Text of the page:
The evolution of the economic theory of decision-making


The economic theory of value and prices is strictly interwoven with a theory of human decision-making. Roughly speaking, economists see the economic value of a good as determined by the demand of that good. Therefore, understanding why people decide to demand a good, why they decide to demand a specific quantity of it, or why they decide to pay a certain price for it, is an important part of an economic theory of value.

In the late 19th century, economic decision-making was modelled as the result of utility maximization. Over the last century, however, this rather simple utility-maximization model has been subjected to a number of criticisms, revisions, integrations, and methodological re-interpretations. The state of the art of the economic theory of decision-making could be summarized as follows. The utility-maximization model still constitutes, although in a very sophisticated form, the orthodox economic model of decision-making. But this model is increasingly challenged by other models of decision-making, such as behavioral models and bounded-rationality models, which attempt to capture the complexity of actual human decision making in a way that the utility-maximization model seems incapable to do.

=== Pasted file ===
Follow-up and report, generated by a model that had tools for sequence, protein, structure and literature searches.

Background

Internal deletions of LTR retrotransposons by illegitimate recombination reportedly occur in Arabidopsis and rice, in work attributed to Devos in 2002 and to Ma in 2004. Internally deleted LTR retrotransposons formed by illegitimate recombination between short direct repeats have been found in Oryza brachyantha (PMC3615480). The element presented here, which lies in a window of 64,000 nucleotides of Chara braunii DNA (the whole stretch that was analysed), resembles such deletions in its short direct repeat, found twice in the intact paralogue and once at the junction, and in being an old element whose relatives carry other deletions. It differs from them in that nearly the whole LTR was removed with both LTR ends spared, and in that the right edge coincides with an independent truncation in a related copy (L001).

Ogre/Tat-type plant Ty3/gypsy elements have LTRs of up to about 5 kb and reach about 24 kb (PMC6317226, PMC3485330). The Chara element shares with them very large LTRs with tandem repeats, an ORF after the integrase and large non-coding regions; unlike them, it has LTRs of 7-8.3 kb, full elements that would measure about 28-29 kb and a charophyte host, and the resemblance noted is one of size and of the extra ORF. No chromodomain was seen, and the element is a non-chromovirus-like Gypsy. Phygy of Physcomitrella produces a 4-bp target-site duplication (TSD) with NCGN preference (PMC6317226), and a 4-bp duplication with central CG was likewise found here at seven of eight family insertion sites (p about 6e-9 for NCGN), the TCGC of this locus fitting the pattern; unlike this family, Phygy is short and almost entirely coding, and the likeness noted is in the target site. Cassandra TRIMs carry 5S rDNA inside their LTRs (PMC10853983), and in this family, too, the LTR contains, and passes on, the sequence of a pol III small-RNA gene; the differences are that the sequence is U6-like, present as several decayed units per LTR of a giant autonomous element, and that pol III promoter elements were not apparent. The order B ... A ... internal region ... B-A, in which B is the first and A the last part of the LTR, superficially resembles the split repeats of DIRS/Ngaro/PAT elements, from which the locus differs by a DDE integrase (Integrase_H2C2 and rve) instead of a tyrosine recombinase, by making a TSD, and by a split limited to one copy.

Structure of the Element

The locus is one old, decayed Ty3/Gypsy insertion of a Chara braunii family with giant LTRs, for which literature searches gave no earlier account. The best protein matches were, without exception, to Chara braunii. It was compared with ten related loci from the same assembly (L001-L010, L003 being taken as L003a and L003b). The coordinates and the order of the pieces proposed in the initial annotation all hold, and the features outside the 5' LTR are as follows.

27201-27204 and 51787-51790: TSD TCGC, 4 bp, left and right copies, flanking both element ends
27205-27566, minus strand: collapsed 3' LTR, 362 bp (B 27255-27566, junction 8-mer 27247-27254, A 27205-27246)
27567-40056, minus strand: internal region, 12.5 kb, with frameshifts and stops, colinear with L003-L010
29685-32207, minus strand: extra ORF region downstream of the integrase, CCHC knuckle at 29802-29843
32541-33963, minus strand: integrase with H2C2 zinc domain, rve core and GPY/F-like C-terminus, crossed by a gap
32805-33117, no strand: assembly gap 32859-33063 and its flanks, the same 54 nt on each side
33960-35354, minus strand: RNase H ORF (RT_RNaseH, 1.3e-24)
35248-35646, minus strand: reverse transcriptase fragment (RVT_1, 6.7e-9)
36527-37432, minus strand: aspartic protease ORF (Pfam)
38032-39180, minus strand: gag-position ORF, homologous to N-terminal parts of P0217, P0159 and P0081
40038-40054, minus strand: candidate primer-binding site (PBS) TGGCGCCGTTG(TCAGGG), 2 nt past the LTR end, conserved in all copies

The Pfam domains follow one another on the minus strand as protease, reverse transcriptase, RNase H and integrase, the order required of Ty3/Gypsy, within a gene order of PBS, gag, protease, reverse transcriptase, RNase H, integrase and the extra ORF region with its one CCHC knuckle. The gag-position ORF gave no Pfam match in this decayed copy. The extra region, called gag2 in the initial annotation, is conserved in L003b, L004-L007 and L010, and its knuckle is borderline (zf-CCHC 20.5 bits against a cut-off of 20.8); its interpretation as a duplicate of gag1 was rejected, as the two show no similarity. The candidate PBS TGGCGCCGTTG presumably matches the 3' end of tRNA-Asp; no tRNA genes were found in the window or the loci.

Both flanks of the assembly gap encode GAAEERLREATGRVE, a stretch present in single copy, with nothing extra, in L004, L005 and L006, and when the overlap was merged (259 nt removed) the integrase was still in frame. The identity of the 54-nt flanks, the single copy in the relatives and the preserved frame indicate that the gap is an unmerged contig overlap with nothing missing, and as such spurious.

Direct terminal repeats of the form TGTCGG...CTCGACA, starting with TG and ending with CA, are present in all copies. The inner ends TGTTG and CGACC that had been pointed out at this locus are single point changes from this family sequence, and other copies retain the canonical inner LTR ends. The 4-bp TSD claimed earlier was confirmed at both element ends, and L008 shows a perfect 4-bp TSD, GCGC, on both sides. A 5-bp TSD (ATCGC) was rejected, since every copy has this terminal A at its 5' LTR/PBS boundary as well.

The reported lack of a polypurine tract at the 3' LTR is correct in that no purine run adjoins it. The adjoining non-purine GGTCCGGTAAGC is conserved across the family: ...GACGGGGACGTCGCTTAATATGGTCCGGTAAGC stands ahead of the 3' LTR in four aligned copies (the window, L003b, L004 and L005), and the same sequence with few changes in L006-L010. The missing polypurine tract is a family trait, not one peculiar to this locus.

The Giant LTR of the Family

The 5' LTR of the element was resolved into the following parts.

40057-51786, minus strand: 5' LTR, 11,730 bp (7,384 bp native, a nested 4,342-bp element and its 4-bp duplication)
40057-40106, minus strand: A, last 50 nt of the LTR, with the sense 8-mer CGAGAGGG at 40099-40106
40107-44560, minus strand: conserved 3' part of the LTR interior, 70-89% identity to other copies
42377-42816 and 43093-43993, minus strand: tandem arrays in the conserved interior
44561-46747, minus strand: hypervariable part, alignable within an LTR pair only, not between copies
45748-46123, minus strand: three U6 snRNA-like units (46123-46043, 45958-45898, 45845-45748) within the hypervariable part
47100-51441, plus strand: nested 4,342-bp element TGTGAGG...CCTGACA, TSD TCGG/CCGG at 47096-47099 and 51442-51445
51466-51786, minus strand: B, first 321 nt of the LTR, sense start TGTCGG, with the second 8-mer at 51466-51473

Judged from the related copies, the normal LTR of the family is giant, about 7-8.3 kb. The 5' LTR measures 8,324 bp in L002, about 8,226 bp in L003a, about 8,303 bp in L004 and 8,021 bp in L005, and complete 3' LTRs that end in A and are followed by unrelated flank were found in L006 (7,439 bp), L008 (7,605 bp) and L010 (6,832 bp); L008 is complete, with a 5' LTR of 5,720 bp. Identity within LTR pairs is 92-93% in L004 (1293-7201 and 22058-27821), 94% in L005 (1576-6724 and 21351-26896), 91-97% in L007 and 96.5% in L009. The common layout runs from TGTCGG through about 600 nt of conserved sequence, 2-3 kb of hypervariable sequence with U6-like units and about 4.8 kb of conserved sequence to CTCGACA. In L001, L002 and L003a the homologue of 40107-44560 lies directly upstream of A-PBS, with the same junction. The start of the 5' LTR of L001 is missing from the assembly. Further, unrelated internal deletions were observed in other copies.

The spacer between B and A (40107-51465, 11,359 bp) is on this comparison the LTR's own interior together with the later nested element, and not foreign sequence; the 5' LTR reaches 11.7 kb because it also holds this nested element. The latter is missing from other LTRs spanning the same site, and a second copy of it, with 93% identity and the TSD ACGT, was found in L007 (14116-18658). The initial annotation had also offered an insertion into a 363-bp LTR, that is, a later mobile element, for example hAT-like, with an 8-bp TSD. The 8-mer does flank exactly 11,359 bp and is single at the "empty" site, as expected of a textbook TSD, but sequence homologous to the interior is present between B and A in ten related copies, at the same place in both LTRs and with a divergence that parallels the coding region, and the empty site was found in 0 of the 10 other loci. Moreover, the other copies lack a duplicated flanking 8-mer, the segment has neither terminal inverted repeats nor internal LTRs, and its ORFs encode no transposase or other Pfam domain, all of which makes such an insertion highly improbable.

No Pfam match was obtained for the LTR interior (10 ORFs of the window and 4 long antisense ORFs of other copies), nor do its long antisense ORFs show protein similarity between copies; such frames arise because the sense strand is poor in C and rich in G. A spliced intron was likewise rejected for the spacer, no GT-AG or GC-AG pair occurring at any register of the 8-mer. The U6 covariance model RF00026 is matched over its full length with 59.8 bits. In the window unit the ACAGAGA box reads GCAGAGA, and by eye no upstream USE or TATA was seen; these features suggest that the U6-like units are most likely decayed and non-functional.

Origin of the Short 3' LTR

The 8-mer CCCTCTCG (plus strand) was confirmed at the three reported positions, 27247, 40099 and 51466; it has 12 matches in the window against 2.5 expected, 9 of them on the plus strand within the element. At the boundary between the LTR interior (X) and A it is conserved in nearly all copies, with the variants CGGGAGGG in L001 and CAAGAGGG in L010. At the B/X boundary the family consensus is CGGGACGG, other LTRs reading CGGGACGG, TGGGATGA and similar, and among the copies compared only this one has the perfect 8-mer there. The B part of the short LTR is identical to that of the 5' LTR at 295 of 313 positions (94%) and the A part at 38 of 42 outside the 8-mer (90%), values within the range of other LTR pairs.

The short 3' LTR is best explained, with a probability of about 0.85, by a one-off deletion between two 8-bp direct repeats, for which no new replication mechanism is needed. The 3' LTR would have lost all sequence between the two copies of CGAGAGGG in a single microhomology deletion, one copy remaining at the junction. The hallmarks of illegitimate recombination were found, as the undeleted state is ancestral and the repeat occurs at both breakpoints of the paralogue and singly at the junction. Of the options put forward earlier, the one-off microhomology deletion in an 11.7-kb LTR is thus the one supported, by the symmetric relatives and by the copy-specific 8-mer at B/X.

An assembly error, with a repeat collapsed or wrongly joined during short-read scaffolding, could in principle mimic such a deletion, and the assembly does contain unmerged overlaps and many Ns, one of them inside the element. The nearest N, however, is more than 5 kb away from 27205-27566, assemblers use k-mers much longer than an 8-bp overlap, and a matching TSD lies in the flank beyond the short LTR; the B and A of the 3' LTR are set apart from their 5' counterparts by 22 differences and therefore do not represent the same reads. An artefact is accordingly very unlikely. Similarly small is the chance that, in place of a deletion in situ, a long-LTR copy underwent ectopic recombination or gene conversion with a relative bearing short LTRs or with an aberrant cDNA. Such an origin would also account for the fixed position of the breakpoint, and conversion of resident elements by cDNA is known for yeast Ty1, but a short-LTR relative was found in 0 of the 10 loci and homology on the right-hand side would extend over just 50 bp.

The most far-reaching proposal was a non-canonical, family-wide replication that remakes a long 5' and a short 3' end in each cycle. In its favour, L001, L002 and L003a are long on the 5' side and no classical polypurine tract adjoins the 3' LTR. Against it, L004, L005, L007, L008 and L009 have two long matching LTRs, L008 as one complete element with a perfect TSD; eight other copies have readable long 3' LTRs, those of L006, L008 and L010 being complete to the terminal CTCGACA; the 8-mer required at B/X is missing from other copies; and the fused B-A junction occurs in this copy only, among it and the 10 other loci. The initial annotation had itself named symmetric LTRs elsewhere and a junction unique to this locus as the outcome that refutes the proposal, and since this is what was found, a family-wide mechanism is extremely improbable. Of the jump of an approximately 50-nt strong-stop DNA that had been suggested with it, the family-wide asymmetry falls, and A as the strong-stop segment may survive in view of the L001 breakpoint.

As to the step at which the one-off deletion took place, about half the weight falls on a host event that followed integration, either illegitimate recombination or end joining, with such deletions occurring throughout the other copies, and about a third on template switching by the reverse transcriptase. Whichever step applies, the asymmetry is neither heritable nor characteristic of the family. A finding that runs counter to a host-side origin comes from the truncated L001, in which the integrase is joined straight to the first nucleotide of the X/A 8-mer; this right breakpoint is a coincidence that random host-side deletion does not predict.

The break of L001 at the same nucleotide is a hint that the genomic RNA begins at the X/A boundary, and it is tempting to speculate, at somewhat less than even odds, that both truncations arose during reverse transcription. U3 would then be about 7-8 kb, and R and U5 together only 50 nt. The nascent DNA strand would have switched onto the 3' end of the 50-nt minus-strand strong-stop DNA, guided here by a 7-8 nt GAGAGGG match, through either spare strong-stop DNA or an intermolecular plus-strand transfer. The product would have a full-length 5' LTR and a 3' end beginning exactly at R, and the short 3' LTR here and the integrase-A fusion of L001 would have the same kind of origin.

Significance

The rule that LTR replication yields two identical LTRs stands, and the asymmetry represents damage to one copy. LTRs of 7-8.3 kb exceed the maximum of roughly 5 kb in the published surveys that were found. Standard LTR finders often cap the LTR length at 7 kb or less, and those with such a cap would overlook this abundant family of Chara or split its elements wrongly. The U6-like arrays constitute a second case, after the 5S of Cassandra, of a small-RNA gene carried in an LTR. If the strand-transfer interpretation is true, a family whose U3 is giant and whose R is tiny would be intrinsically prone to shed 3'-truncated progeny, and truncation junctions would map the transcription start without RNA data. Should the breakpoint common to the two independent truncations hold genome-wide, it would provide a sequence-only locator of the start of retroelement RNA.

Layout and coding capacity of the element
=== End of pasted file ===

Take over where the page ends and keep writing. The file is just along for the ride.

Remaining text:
The summer school offers PhD students and young scholars specializing in economics, history of economics, economic methodology and related fields an overview of the evolution of the economic theory of decision-making, beginning with the early, simple utility-maximization model to the more recent and complex behavioral and bounded-rationality models.